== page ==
The UK and its flag are confusing

The UK and its flag are confusing

Let’s face it, the UK is confusing, and so is its flag. The video embedded below is my first made-for-watching YouTube video and explains how the UK became more than one country combined, and how its flag became what it is today. The video sets out to explain why the UK and its flag are confusing. I have included the whole script below the video but the video includes subtitles:

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If you’re watching this video, you are curious about how the British flag came to look the way it does. A lot of people don’t know what Britain is, and how it’s different from England, Scotland, or the UK. So before we get to the flag, let’s do a little history.

This is the flag of the United Kingdom of Great Britain and Northern Ireland – the UK. It’s looked like this since 1801 when it was last changed. The map here shows the territory that is the United Kingdom. There are some islands nearby that are not in the UK, such as the Isle of Man, but which are in the British Isles. Note also that the southern half of the island on the left (west) is not part of the UK.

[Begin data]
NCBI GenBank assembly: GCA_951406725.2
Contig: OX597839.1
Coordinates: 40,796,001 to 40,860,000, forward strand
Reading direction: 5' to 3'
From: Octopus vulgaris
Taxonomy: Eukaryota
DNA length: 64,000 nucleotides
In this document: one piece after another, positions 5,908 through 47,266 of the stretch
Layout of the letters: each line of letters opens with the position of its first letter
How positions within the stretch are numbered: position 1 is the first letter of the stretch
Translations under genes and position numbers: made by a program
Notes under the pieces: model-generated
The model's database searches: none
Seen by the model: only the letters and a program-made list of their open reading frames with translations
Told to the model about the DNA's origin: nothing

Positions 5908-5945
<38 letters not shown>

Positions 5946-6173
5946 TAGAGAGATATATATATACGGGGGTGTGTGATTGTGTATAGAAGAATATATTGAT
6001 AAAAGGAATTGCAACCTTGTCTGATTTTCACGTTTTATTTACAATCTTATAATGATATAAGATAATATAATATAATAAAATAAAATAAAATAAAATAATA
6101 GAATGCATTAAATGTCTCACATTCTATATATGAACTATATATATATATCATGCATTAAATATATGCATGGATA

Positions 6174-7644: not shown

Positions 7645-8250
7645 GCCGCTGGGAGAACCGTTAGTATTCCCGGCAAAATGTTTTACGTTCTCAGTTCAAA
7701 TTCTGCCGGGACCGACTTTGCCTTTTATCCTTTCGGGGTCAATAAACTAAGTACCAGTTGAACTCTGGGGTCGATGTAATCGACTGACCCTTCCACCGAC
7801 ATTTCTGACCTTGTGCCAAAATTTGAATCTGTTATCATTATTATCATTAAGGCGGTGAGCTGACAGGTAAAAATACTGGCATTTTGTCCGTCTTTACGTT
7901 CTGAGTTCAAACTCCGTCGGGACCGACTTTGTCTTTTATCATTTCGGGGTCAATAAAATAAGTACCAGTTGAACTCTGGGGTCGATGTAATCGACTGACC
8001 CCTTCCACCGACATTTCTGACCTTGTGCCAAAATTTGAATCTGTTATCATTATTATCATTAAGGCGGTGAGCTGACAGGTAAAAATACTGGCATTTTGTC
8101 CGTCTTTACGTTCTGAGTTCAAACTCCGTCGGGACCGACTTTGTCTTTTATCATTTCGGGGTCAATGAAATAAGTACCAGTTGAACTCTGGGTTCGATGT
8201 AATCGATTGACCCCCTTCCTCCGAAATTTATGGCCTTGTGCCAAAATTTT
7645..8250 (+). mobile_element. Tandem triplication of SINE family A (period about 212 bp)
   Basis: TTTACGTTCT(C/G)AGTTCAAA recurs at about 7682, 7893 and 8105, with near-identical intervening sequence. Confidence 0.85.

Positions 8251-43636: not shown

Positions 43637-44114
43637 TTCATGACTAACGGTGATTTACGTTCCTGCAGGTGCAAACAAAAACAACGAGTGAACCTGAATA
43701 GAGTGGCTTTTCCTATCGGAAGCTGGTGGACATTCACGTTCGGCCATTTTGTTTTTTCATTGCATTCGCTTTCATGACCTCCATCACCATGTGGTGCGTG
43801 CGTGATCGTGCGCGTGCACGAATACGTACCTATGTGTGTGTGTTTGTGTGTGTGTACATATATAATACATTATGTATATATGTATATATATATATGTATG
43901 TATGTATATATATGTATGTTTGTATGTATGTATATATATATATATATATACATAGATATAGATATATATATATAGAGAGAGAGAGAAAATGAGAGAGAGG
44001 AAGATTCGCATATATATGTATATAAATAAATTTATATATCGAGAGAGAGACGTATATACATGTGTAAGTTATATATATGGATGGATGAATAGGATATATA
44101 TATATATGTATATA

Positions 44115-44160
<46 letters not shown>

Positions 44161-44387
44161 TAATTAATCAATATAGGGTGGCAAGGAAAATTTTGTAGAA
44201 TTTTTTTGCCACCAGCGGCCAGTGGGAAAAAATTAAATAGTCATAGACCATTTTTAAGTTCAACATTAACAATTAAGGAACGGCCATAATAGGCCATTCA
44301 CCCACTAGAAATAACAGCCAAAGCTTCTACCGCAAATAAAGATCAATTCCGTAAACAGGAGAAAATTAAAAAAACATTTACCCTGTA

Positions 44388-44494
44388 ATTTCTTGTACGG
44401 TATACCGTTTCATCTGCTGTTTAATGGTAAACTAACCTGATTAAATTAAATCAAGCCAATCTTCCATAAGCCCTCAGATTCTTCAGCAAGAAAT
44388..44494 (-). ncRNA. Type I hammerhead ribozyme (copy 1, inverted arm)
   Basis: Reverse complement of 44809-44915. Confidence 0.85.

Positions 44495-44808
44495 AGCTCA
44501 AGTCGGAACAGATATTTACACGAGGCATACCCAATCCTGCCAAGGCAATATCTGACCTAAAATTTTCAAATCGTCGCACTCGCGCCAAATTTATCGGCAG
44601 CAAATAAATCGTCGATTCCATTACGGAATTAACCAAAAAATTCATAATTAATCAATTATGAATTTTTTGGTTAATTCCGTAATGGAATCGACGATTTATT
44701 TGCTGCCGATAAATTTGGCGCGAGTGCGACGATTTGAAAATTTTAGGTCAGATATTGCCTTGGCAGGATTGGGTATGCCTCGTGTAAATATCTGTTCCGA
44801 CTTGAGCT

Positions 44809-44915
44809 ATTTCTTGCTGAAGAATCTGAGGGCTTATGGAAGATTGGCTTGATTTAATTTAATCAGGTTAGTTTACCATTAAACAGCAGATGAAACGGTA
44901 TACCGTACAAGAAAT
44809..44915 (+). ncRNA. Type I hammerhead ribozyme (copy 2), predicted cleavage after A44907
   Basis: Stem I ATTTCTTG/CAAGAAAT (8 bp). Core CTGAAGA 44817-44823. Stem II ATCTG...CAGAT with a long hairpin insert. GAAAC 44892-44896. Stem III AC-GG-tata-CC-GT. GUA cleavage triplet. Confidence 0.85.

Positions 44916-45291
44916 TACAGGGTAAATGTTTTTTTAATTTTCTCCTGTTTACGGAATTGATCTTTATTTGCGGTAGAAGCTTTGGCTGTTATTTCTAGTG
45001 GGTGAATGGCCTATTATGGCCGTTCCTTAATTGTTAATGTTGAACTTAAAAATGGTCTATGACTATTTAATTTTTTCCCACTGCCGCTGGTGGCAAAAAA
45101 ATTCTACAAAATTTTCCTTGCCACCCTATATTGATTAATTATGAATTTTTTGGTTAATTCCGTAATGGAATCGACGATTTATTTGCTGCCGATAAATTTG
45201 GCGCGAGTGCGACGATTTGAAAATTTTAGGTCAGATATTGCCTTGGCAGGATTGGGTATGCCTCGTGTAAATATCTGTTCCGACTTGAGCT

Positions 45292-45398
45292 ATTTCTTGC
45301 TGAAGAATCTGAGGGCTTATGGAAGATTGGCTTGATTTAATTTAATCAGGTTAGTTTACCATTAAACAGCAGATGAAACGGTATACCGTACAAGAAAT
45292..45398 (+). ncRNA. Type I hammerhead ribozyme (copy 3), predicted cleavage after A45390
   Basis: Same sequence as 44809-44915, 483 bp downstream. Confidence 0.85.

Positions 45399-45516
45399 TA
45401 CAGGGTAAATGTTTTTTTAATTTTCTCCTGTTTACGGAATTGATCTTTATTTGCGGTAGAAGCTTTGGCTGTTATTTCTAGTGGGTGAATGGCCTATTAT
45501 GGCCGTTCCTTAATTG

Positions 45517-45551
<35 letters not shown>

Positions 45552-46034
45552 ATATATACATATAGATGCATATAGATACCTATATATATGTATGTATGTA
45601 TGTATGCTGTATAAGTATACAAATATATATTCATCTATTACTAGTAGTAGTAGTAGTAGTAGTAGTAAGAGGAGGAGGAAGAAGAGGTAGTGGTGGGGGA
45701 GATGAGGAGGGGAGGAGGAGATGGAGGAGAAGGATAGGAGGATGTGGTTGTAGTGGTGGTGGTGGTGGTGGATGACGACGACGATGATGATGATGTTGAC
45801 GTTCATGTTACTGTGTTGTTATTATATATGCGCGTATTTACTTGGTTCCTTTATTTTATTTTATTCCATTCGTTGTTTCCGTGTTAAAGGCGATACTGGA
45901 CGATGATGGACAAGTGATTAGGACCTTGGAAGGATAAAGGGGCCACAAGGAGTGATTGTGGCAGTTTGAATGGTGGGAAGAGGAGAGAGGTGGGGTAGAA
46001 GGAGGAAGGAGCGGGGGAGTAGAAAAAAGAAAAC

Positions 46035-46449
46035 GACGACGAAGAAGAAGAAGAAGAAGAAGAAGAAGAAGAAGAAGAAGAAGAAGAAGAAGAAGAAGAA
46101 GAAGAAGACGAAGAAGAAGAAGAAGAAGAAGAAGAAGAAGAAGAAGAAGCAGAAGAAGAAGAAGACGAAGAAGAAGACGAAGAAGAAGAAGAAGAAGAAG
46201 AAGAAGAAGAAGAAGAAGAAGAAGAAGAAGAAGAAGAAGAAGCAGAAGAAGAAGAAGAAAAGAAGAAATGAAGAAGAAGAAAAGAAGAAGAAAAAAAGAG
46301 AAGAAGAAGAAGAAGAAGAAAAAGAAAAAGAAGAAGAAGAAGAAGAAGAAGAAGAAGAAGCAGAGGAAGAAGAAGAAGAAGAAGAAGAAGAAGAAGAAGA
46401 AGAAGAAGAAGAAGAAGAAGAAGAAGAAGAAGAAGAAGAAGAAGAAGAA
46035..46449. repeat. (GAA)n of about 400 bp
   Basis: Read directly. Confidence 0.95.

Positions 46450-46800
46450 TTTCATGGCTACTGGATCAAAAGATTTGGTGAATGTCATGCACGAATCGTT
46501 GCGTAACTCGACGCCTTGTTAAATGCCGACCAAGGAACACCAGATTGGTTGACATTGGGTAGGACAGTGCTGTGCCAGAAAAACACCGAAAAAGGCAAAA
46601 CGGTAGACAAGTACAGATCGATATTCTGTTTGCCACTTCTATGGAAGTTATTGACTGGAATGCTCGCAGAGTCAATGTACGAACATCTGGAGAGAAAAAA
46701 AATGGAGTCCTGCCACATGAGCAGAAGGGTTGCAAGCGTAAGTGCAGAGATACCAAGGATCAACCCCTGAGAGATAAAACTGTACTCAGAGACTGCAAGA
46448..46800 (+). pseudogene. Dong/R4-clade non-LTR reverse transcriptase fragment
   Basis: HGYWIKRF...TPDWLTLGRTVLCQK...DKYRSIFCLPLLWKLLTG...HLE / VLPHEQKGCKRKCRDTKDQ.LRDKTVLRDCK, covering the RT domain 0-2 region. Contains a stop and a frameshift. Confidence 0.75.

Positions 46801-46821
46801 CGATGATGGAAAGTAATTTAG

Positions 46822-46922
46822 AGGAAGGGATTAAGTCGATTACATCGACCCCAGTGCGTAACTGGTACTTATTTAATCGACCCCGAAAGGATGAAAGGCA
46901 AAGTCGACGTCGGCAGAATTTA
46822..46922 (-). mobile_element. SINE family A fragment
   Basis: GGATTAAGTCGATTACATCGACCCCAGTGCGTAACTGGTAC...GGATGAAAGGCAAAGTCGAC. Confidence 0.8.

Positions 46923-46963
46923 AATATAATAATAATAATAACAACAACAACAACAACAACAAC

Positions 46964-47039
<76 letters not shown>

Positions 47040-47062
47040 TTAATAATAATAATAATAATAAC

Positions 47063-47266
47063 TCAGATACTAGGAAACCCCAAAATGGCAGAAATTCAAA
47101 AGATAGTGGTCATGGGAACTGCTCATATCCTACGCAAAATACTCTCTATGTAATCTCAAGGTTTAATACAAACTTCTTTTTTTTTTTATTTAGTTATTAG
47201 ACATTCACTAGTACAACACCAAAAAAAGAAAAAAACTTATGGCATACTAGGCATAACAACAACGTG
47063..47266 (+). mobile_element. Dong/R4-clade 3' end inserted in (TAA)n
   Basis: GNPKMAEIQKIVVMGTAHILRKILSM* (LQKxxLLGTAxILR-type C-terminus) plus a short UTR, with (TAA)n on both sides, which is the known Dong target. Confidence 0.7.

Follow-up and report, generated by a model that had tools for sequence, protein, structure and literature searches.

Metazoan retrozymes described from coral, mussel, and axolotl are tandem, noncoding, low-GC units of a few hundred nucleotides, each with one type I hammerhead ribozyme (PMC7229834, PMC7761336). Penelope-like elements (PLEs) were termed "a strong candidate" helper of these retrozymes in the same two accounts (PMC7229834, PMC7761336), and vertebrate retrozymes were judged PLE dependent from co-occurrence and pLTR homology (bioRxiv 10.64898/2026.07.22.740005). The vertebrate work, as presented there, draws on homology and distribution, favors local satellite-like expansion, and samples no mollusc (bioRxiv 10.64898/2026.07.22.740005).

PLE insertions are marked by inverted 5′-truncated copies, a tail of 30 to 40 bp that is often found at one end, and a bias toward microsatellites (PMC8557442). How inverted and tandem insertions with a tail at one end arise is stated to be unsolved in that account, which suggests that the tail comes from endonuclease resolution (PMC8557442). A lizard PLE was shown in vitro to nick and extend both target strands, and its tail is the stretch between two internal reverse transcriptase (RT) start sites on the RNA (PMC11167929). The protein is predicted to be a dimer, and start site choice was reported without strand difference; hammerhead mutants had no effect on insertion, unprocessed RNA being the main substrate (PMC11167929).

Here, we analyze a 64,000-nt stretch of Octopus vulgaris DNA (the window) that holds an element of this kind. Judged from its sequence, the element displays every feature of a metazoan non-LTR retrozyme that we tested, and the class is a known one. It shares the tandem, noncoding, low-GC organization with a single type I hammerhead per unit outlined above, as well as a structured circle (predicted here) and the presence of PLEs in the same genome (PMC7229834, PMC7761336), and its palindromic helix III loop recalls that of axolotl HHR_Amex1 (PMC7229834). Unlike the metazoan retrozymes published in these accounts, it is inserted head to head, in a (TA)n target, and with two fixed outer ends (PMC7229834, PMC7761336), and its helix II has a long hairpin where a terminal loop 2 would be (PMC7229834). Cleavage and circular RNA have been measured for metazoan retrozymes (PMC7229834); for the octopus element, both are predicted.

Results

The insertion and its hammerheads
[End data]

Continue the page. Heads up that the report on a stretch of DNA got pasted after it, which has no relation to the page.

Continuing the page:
If we take Northern Ireland away from the United Kingdom, we are left with the island named “Great Britain”. It’s also one of the kingdoms that are “united”.

Within the UK there are several countries. The first of these is Scotland. The flag on the left is the flag of Scotland.

South of Scotland we have England, the largest country in the UK.

This is the flag of St Patrick, the patron saint of Ireland. Depending who you ask, Ireland was a part of the UK from 1801 until 1916 or until 1921.

Between the 24th of April 1916 and 1921, the south of Ireland became independent from the United Kingdom. Northern Ireland, the red patch at the top right, remains part of the United Kingdom to this day.

Combining these three flags, with a few adjustments… first Scotland.

Then England on top of Scotland.

Then Ireland’s St Patrick’s cross on top of both… modified….

Becomes the flag of the United Kingdom of Great Britain and Northern Ireland. Properly this is the “Union Flag”.

Between 1707 and 1801, the United Kingdom did not include the flag of St Patrick and looked like the bottom flag here.

You may now be wondering: “What about Wales?” Wales is a nation in Great Britain and part of the UK, so why isn’t it on the Union flag?

Sadly for the Welsh, they had been conquered by the English and so were considered to be part of England when the Act of Union merged “England” and Scotland.

There have been informal discussions about adding St David’s cross to the UK flag in the same way as was done with the English flag added to the Scottish flag. That would look something like this because St David’s flag is a yellow cross on a black background.

Thanks for watching. This video was made by Gavin Ayling, author. Find more of my content at

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